“Star, come back to me. The disorder is not your identity, it’s just a part of you. Come back to me,” I whispered. But it was too late; once her eyes were fixed on me, so was her attention. She rose to her feet, slithering up the air like a snake climbing a vine.

“Don’t you see, that won’t be happening,” she hissed with a shake of her head. “That’s like shoving a square into an oval and trying to make them match. Star and I don’t match; that’s why she left me in control.”

“You hurt her,” I barked.

“That’s true, but it’s of no matter now. Star… shall we say… fell from the sky, so now I am running the show while she recovers. Spoiler alert: it’s not going well for her in La La Land.”

“She had another break,” I muttered, picturing with a grimace the war she must have waged upon herself.

“Don’t be fretful,” Cauchemar urged me. “I’m here now- this is the time to rejoice! The look on your face is like resenting the soldiers on D-Day for fighting, Max. don’t you understand this is about liberation?”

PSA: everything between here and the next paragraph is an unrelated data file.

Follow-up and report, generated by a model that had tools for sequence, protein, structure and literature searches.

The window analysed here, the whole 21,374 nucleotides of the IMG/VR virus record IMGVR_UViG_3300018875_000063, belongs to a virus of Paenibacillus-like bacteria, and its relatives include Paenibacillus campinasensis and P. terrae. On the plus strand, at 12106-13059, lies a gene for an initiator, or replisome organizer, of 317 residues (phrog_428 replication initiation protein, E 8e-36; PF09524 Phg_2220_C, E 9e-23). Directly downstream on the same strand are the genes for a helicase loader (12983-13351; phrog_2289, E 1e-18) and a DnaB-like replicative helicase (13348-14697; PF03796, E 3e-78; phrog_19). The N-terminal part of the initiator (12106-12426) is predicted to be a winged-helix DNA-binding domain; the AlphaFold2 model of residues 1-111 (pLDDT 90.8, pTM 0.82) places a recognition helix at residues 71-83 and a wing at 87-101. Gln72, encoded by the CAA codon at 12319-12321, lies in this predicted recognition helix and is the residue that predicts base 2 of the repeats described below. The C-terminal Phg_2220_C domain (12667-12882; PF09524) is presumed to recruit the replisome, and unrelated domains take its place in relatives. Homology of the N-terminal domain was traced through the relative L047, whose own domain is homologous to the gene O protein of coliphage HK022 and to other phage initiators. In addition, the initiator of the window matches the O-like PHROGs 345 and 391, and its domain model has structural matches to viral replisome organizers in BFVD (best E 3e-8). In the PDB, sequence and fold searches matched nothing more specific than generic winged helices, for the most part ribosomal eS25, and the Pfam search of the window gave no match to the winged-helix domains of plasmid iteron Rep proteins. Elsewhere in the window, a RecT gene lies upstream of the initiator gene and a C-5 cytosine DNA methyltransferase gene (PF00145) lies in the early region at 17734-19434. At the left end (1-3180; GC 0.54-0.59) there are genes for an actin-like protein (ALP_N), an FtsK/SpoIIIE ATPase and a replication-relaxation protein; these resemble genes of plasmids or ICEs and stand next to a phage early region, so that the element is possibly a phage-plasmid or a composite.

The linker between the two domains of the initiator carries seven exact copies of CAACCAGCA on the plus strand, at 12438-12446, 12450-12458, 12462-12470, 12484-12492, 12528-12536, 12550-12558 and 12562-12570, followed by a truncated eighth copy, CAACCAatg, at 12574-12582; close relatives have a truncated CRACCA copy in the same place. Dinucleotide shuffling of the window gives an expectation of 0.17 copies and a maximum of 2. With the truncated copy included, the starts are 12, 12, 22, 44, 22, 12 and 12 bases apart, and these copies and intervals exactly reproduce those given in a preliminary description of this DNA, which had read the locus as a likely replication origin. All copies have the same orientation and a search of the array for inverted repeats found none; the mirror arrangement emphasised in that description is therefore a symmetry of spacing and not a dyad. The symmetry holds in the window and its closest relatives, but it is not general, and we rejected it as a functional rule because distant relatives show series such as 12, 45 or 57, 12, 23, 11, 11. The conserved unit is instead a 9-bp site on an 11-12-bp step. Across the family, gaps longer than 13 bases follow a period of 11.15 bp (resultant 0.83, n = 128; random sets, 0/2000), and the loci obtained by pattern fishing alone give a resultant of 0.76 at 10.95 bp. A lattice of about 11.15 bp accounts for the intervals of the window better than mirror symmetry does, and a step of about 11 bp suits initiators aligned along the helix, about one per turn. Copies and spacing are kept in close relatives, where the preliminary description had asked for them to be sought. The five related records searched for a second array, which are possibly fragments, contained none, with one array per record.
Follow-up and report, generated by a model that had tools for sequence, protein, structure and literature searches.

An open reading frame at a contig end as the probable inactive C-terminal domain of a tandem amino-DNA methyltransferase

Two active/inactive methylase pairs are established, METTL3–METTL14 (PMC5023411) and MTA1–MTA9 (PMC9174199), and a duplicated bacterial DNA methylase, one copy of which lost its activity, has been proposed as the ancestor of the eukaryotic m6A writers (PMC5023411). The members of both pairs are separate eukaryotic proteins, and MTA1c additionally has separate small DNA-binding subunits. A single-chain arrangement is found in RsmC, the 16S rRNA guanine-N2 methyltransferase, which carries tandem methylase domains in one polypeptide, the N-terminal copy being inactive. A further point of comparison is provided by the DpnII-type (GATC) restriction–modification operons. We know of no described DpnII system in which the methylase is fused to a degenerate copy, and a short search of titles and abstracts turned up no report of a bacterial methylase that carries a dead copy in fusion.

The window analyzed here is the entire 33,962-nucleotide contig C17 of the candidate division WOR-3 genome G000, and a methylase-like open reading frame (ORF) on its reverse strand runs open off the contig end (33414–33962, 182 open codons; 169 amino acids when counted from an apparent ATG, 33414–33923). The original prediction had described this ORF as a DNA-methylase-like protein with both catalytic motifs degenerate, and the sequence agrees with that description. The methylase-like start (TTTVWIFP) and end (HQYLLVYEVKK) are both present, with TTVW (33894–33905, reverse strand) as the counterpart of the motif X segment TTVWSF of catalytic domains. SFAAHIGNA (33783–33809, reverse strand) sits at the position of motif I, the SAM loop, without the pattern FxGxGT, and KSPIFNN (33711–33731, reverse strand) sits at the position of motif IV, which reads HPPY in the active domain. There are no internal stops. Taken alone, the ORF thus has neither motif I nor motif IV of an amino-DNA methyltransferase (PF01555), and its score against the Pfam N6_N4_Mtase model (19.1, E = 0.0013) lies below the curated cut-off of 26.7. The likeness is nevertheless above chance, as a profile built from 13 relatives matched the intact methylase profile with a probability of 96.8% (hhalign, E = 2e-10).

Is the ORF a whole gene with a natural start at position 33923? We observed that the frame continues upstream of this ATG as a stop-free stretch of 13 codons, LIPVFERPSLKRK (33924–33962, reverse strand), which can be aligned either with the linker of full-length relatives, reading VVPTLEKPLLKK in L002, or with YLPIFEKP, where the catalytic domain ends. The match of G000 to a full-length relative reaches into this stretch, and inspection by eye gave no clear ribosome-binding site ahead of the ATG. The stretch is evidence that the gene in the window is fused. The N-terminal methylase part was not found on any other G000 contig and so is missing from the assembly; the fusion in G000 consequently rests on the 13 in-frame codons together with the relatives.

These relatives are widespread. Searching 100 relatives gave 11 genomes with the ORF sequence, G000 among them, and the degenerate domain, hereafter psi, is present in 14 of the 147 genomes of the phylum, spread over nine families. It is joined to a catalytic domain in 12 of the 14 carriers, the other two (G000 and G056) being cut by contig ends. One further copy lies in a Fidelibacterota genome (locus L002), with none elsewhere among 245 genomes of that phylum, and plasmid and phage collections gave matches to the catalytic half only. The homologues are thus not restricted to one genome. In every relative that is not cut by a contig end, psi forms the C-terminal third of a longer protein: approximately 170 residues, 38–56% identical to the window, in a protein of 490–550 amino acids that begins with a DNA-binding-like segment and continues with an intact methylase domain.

“What happened to Star?” I demanded.

“She lost her mind, she fell apart,” Cauchemar answered, somehow seeming saddened to think of it as if she was remembering the depths of the connection between herself and her better half in mind and body alike. “After you died in that car crash, it was all over for her too.”

“That’s insane. What are you talking about, tell me: what really happened?”

“That’s it, that’s exactly it. She was driving home from City Hall after the interviews for those fancy positions running the city and everything. A van came out of nowhere- you know, one of the kinds that work like a bulldozer- and plowed right through you. You died and she lived, but her soul was buried right here in this grave, with you. All she had left was your wallet.”

I patted my back pocket and, sure enough, everything I was supposed to have in it was missing. All of me seemed to be missing as I stared from the gravestone to my personal nightmare, scared and confused and upset like a vegetarian choosing between turkey and ham. I’d lost my best friend… because she’d lost me. It was a new world of loss that sucked up everything it encountered like a sponge. A new world of loss is what hit me on the night of reckoning.

Photo by Bryan Goff on Unsplash

Thanks so much for reading; this may be the last short story I publish for some time.

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I write poetry, prose, and personal pieces. All images are mine unless indicated otherwise. Feel free to leave feedback on my work anytime; I hope you enjoy.